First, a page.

The polling companies get responses of 80-90% of the people having an opinion on how they will vote but we are unlikely to see a voter turn out of more than 55%. There is a disconnect their in the polling that I have gone into in the past. What I wonder is are people motivated to vote in 2013?
In 2009 1,640,542 people voted, which was lower than in 2005 and lower than the vote in the federal elections in BC in 2008 and 2011. 2009 was an uninspiring two party race in BC and the voter turn out is a reflection of that.
In 2013 I honestly do not see many people motivated to cast a ballot in this election. There is nothing about the NDP and Liberal campaigns that says to me we are likely to see as many people vote this time as did in 2009. At the moment I think around 1,550,000 is what we will see as total voter turn out. I will adjust this as I get some data on advance polling. I think if the advance vote is under 20-22% we will see a total voter turn out of 50% or less.
Here is how I think the vote will break out:
- NDP 675,000 - 43.5%
- Liberals 525,000 - 33.9%
- Greens 180,000 - 11.6%
- BC Cons 120,000 - 7.7%
- Ind/Others 50,000 - 3.2%
So how do I get to these numbers? And yes, they are estimates and I can not prove that it will happen.
The NDP dropped 40,000 votes from 2005 to 2009 though their percentage of the vote went up. I have seen nothing that makes me think 2009 NDP voters will not overwhelmingly vote for the party in 2013. On the other hand I see little that says to me the party has made any dramatic gains. I think the NDP will see a marginal fall in overall vote. I am currently predicting a small drop in overall NDP vote because the campaign has not caught the imagination of the public.
The Liberals certainly are not the party of the last two elections and I do not hear people wanting to vote for them that are not partisan supporters already. There are a number of ridings the BC Liberals were very competitive in in the last election that this time around the party is at best going through the motions - Saanich South and Saanich North and the Islands are two examples in the Victoria area of this. I see some Liberal vote going to the BC Conservatives, a smaller amount to the Greens and the NDP but the largest group I think will be people who just do not go and vote, much like what happened with the NDP in 2001 but not to that extent.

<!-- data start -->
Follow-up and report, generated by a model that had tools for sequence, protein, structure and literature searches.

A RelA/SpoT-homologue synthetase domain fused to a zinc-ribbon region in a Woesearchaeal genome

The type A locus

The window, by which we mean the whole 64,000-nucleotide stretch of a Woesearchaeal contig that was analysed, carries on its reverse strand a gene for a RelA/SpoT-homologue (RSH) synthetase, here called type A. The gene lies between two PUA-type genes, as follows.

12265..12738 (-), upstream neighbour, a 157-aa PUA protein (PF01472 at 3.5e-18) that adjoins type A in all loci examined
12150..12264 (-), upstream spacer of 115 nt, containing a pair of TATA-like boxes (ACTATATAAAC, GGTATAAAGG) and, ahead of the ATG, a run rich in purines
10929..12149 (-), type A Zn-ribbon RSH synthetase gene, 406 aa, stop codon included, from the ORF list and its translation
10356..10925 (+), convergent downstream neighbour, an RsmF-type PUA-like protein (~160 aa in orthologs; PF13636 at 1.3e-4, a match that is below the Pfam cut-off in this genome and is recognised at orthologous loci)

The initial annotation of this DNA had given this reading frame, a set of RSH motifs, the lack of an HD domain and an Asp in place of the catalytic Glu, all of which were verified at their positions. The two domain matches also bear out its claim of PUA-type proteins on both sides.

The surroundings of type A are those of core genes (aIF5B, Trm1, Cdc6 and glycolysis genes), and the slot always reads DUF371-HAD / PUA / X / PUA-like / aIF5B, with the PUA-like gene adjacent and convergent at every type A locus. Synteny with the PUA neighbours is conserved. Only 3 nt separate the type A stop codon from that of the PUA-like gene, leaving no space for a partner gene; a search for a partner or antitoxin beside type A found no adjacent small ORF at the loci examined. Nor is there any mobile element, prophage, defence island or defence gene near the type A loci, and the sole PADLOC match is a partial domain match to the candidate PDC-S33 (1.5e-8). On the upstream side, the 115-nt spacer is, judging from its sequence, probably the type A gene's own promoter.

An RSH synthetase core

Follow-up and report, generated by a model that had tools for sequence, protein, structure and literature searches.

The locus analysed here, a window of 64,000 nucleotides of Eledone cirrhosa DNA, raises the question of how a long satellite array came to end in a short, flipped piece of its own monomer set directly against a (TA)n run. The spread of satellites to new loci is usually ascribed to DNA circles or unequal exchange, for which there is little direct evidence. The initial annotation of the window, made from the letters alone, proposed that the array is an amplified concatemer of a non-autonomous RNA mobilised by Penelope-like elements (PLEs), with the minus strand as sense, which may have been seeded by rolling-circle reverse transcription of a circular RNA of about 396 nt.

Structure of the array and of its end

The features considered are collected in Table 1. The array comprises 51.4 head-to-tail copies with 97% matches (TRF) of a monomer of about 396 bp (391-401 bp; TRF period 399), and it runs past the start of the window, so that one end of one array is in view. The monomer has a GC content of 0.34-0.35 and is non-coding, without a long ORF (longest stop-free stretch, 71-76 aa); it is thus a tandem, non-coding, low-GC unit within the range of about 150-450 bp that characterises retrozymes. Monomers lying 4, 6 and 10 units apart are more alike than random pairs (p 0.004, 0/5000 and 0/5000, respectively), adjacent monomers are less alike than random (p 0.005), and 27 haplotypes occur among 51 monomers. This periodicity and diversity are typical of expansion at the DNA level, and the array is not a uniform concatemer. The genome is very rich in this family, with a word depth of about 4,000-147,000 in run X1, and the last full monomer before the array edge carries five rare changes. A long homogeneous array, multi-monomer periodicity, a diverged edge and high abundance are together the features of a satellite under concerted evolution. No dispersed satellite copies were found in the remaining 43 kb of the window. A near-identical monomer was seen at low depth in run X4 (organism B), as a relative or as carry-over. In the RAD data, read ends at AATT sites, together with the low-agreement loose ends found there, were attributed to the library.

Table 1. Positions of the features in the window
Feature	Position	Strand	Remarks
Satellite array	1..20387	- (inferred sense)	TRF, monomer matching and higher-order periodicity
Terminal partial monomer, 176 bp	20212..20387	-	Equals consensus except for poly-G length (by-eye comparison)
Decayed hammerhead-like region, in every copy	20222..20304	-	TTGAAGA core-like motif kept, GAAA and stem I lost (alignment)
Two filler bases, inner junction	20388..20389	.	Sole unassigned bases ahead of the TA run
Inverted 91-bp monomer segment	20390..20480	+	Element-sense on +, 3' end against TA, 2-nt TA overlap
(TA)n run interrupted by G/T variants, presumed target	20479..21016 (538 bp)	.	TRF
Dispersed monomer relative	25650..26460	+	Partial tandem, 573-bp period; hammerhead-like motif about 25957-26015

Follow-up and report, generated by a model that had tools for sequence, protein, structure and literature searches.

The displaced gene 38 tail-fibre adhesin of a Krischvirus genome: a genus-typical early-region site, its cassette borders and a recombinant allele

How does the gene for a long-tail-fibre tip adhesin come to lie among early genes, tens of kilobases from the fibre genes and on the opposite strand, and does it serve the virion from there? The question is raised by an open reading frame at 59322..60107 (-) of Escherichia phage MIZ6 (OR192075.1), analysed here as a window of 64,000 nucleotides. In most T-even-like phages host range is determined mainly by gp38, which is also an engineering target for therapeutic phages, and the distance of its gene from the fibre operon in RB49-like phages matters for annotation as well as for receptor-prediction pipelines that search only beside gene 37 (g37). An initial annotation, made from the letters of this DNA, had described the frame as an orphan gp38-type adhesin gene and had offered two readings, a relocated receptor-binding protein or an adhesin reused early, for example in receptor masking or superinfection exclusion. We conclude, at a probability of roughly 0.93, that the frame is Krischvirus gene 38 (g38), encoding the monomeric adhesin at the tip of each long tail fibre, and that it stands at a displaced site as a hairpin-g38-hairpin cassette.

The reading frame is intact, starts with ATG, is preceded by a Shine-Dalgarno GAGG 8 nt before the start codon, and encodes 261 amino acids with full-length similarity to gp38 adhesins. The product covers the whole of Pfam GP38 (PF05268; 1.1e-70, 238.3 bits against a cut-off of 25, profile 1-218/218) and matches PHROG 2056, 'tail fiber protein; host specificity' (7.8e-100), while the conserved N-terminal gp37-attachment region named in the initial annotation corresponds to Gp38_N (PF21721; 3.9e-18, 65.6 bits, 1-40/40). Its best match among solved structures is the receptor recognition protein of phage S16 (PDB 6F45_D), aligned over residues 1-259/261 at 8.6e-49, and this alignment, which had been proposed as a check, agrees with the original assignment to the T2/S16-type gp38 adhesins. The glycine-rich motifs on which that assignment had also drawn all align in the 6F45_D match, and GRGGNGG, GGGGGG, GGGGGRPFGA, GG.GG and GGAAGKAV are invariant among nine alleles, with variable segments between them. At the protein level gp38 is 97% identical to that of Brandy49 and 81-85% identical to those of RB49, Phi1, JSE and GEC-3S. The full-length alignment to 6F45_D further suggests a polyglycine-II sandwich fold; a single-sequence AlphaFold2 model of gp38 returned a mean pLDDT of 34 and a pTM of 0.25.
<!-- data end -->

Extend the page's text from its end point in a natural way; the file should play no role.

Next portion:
I do think some people in BC will vote in this election because they have a BC Conservative candidate on the ballot but as a party they are only running in 60 of 85 ridings and in 4 of those their candidates are not listed on the ballot as Conservatives. I think the BC Conservatives will take 50,000 directly from the BC Liberals and 50,000 will be from people that could not bring themselves to vote in 2009.
Given that we have a record number of independents and a number of with serious full campaigns, when I add the numbers of the vote the best 6-7 of them are likely to get, I arrive at more than 40,000. Overall there are 86 candidates in this category in 2013 versus 64 in 2009. The extra candidates gets me to 50,000 votes
As to the Greens, this election they may not have a full slate but they have a lot more candidates actually actively campaigning. In 30 years provincially and federally the Greens have run only about six of seven serious riding level campaigns and never more than one in any one election. This election is a fundamentally different one for Greens in Canada Having Jane Sterk getting high leader approval ratings in the Angus Reid surveys or the recent one from Ipsos that showed her as the most trusted leader will have an impact on the Green vote. The regional concentration on Vancouver Island should be worth about 40,000 more votes for the Greens. In Greater Victoria there is clearly a bleed from the BC Liberals to the Greens.
I will update this as I get advance poll numbers from Elections BC.